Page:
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By Michael Hirtzer
CHICAGO, Feb 5 (Reuters) - For tailor Peter Papageorge, making the vibrant jackets worn by traders on the floors of exchanges in Chicago and New York used to be the bulk of his business. Now, it is pretty much a novelty as the old-fashioned open outcry trading shrivels and dies.
Papageorge’s family founded Peco Inc, based on the southwest side of Chicago, in 1919. The company bills itself as the largest manufacturer of the flashy trading jackets that are as colorful as the language shouted by traders in the pits.
But with brokers increasingly executing trades on computers and open-outcry deals dwindling, CME Group Inc said on Wednesday it would close most of the floor’s trading pits by July.
“It’s a small market now,” Papageorge said, adding that trading jackets account for only 10 percent of his business, the rest comprising chef hats, culinary coats, figure skating and movie costumes.
Indeed, his largest order in the last few years was for 300 jackets for traders at the fictional stock exchange in Gotham City in the Batman movie “The Dark Knight Rises,” released in 2012.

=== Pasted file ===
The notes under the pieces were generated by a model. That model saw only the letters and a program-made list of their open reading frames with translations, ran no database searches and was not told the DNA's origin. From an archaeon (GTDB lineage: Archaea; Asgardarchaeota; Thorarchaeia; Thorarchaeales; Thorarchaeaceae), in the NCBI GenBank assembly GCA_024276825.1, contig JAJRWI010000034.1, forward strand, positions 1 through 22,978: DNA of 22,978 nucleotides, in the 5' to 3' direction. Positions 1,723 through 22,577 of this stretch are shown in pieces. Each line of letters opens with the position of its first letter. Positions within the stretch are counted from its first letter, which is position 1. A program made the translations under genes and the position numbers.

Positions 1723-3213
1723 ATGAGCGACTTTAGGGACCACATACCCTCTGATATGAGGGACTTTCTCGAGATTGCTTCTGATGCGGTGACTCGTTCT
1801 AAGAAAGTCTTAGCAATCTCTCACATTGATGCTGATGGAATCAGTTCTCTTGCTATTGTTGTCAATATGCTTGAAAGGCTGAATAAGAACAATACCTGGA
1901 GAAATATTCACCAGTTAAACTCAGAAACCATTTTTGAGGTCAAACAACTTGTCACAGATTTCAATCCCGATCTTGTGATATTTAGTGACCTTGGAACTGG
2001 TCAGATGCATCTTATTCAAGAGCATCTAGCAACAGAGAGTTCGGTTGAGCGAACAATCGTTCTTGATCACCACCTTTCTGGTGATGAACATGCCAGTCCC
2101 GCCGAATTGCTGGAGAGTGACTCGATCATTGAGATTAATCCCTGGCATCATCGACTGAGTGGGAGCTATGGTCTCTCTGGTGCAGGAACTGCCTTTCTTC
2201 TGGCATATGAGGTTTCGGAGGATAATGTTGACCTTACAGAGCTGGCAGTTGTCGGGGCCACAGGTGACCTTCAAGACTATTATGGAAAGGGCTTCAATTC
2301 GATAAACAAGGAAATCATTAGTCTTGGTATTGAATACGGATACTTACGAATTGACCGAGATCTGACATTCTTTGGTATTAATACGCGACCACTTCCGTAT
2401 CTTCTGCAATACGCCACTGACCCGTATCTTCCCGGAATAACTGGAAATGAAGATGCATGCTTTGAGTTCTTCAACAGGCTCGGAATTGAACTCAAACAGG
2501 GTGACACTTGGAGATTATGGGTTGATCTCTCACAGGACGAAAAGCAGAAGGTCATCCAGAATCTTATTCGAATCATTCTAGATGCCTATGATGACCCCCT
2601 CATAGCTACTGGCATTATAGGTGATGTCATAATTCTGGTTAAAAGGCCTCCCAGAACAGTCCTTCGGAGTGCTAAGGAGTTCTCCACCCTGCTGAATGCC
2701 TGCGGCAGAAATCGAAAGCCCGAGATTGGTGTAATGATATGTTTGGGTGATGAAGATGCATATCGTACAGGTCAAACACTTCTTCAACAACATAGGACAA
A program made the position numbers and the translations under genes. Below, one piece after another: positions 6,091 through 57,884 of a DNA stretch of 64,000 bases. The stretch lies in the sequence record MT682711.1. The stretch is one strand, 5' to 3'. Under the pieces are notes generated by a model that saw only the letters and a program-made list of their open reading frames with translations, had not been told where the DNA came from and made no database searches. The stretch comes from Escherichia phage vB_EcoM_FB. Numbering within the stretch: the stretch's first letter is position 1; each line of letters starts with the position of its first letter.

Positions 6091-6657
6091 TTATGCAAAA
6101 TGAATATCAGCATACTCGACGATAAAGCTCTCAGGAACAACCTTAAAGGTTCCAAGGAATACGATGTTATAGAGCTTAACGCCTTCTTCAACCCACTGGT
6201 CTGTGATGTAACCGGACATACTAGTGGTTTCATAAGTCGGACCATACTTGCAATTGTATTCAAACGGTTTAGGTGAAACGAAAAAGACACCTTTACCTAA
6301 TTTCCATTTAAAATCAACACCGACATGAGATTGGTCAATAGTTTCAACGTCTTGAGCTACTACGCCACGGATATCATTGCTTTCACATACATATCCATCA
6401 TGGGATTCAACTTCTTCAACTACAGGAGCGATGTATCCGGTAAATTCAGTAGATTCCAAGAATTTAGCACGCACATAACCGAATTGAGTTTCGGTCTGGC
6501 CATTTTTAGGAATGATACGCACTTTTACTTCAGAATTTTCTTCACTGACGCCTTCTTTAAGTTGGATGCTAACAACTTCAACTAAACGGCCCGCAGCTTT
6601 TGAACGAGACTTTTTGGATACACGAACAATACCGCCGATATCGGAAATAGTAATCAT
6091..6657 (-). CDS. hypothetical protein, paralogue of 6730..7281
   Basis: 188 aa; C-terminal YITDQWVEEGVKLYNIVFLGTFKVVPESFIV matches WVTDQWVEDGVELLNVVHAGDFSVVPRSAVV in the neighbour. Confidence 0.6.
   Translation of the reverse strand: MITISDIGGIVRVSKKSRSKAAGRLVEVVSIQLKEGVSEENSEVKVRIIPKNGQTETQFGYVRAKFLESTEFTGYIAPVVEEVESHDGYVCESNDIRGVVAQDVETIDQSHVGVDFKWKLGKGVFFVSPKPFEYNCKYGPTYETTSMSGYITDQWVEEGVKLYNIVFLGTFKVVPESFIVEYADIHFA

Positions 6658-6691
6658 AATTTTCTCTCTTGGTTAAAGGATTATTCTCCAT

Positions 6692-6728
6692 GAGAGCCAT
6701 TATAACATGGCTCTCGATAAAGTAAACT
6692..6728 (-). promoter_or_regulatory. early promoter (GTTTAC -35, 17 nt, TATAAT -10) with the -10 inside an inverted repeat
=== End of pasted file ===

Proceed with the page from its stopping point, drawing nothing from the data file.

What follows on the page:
For much of its 167-year history, the Chicago exchanges have had dress codes, forcing workers on the trading floor to wear neckties, collared shirts, suits or sport coats - or a trading jacket. Noncompliance could result in fines up to $500.
“The philosophy in old days was the exchange wanted us to look dignified because of the huge companies and major financial institutions that were involved,” said Joe Ocrant, president of Oak Investment Group and live cattle futures trader who started as a runner more than 45 years ago.
As dress codes became more casual, neckties were less common. The CME Group even allowed jeans on Fridays. But the trading jackets remained, retaining their tribal-like quality, with traders from J.P. Morgan in dark green with beige lapels, Futures International in orange, Jefferies Bache in navy blue.
Chicago brokerage McGathey Commodities has jackets with orange and blue flames. Trader Scott Shellady is often seen on TV in a dairy-cow spotted jacket in a pattern previously worn by his father. Shellady supplies the material for Papageorge.
The jackets can be ordered in 100 percent cotton, or a cotton-polyester blend. Mesh is popular so traders can keep cool. After the attacks using airplanes on Sept. 11, 2001, Papageorge started including an American flag patch on most jackets.
Some traders are superstitious and refuse to wash their jacket after a string of good trades.
“Every once in a while we’d slip a trading card in a guys pocket that said, ‘Change your jacket, you smell,'” said Ocrant, who wears the burgundy that signifies his exchange membership.
Additional reporting by Christine Stebbins and Theopolis Waters; Editing by Lisa Shumaker